Getting a Roof Over Your Head

Getting a Roof Over Your Head
  • Opening Intro -

    Is your home’s roof just not cutting it these days?

    Whether you are looking to repair, replace, or build a roof for your home, here are 6 roofing materials explained to help you find the best fit.

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Asphalt

Asphalt roofing is the most common and inexpensive material for roofs today. Shingles are saturated with asphalt to become waterproof, then another coat of asphalt is applied to the entire roof. While this is an economic option, the shorter lifetime of the roof is reflected in its lower price.

An asphalt roof can be expected to live up to 15 to 20 years in areas of moderate climate and with good upkeep; they can be prone to thermal shock when temperatures rise dramatically. However, asphalt roofs do provide good insulation in colder seasons and climates.

Wood

A classic choice for older and historic homes, wood roofing is a little more expensive than asphalt and lasts 10 years longer. You can expect a wood roof to last around 20 to 30 years with good upkeep. Unfortunately, wood roofs require the most upkeep of all roofing options.

While cedar wood is naturally resistant to algae, moss and rot, it is not completely immune. The roof should be kept dry as much as possible (and is therefore probably not the best choice for very wet climates), and debris should be removed as soon as possible. Also insure that there is proper ventilation in place when the roof is installed to provide for drying. Even with the upkeep, cedar wood roofs are a beautiful addition to any home, creating a cozy and classic aesthetic.

Metal

Don’t worry—these metal roofs aren’t the corrugated tin coverings you might be thinking of. Metal roofs have come a long way and can offer many options to today’s homeowner. Steel is the most common metal used, but stainless steel and aluminum are rising in popularity for their rust-resistance. Another more stylish (and expensive) option is copper. Copper is especially appropriate for stone homes with a historic finish, and it can be used as an accent on towers or awnings.

Metal roofing can be made into tiles or sheets, according to your preference. They are wonderful for both hot and cold climates—they reflect heat, rather than absorbing it, and they allow snow and ice to slide off, instead of forming ice dams and dangerous snow clumps. (Ice dams can divert water flow and cause seepage into the interior of the home.) While the initial price is much higher than other roofing options, the lifetime and minimal upkeep of metal roofs is worth the extra penny. Most metal roofs will last 40 to 60 years, and copper roofs have been known to live over 100 years.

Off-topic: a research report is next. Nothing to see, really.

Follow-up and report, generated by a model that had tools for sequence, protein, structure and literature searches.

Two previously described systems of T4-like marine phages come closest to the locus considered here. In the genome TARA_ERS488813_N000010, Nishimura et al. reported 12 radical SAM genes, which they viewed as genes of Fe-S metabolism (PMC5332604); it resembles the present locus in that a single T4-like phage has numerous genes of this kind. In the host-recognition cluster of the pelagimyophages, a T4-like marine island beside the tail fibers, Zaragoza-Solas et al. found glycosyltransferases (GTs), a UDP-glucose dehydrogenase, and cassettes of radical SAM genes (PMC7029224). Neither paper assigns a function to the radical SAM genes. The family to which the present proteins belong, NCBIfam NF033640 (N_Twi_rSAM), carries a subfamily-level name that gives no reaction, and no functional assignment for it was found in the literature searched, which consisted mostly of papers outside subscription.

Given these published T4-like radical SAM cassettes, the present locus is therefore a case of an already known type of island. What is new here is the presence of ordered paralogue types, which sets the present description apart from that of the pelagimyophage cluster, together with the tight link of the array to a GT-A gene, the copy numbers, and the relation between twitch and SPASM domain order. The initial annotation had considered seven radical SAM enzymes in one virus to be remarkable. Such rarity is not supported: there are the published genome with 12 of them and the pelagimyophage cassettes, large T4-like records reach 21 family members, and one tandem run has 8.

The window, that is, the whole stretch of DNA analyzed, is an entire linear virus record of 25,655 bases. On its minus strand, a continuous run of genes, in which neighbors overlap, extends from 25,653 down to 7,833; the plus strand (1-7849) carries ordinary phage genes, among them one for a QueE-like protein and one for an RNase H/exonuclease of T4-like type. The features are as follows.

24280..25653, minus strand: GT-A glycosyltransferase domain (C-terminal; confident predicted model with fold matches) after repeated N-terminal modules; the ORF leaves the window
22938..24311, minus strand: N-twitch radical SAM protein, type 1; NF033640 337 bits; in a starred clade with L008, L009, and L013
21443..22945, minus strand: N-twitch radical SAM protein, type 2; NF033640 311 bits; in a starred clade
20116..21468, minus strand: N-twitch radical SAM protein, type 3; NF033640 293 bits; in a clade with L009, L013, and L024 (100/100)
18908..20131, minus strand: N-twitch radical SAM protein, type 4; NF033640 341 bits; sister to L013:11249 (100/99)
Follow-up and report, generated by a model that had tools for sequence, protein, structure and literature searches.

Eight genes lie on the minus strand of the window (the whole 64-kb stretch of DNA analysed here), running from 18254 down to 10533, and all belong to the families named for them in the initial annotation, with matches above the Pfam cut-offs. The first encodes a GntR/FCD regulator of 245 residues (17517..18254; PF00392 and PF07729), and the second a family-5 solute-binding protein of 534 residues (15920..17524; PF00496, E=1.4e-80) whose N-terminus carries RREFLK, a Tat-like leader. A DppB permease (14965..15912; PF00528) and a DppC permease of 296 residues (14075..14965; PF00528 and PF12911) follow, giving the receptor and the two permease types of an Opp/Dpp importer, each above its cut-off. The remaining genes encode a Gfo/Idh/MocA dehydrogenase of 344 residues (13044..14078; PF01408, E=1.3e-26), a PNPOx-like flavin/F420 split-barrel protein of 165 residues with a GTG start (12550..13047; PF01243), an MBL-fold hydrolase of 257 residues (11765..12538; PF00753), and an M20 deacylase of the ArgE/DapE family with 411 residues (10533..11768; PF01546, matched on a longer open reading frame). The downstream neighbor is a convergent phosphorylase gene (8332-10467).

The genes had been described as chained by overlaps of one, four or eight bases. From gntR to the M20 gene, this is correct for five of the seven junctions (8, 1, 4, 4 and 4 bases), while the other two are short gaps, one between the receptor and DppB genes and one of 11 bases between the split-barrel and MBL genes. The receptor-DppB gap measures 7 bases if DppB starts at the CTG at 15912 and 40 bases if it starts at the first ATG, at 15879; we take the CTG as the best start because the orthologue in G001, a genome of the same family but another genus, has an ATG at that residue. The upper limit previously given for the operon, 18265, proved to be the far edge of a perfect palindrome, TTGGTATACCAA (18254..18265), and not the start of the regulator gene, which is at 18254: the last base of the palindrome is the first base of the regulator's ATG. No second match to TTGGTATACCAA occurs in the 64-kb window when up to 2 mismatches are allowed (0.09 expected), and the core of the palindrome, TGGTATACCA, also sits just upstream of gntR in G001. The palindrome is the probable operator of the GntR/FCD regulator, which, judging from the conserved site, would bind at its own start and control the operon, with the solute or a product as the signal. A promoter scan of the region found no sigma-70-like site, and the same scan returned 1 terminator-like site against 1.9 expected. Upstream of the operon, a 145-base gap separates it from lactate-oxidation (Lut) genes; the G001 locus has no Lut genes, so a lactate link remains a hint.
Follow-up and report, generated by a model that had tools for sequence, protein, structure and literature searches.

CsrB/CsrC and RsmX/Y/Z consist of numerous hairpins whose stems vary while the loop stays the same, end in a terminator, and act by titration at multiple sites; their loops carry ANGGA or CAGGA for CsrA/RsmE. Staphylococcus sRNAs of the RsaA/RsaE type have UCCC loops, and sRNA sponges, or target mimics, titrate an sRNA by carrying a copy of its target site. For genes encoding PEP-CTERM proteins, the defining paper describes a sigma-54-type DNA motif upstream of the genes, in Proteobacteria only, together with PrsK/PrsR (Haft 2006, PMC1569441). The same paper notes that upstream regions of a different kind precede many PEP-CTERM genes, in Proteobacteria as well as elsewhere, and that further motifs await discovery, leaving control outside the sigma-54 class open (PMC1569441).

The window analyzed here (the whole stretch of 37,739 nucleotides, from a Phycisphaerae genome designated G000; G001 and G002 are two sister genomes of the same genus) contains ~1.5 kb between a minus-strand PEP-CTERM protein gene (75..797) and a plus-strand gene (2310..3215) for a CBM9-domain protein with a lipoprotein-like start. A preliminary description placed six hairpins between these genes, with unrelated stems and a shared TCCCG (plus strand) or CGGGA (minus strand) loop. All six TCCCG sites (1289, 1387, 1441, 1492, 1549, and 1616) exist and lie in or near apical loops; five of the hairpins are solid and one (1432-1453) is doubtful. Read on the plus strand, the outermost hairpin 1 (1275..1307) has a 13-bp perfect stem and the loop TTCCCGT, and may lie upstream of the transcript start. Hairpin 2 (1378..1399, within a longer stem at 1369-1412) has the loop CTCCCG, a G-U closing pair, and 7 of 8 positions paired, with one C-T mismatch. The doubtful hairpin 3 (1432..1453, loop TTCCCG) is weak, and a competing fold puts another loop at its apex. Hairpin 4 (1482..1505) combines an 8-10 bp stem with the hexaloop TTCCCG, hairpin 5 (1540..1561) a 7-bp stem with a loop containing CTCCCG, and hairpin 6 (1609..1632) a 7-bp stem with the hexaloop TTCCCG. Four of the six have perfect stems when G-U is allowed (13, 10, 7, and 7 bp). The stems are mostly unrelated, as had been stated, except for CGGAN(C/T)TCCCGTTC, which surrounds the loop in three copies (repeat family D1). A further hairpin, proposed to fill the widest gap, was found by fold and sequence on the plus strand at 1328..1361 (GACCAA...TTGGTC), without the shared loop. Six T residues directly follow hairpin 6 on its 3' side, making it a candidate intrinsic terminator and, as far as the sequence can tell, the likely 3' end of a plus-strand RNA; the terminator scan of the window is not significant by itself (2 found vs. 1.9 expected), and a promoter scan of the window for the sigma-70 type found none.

Tile

Red tile roofs bring to mind images of the Tuscan countryside and sleepy southern Spanish towns, but now you can have a tile roof, too! The quintessential rust and sienna color and non-porous surface naturally resists heat, so it will keep your home cool in warm weather. The half-barrel shape also promotes air circulation. Unfortunately, cold and wet weather can cause tiles to snap, so this type of roofing is better in warmer, dryer climates. The average life expectancy of a tile roof is about 50 years.  

Cement

Cement roofing is not extremely economic to install, but it is very durable, energy efficient, and long-lasting. However, it is very heavy (about three times heavier than standard shingles), so be sure your roof structure can accommodate the heavy tiles. These tiles can withstand brutal weather and fire and will last up to 50 years, but the underlayment and support material will need to be replaced after 30 or 40 years.

Slate

The most expensive roofing option, slate is known for its beauty, durability, and value. Five times the price will give you five times the life—over 150 years! Slate offers a beautiful, natural color range to choose from, allowing homeowners to create a custom, distinct look. Slate roofs are excellent for all weather—the stone has natural reflective properties to resist heat absorption, and it can endure the harshest winters.

In addition to being able to withstand storms and weather, it is also fireproof, adding another dimension of safety to your home. As far as upkeep is concerned, there might be a random tile to replace every few years or so—but otherwise, it is very maintenance-free. Slate roofs add great value to your home if you are planning to sell in the future.

With information about these common roofing materials, you are sure to find the next roof for your home.

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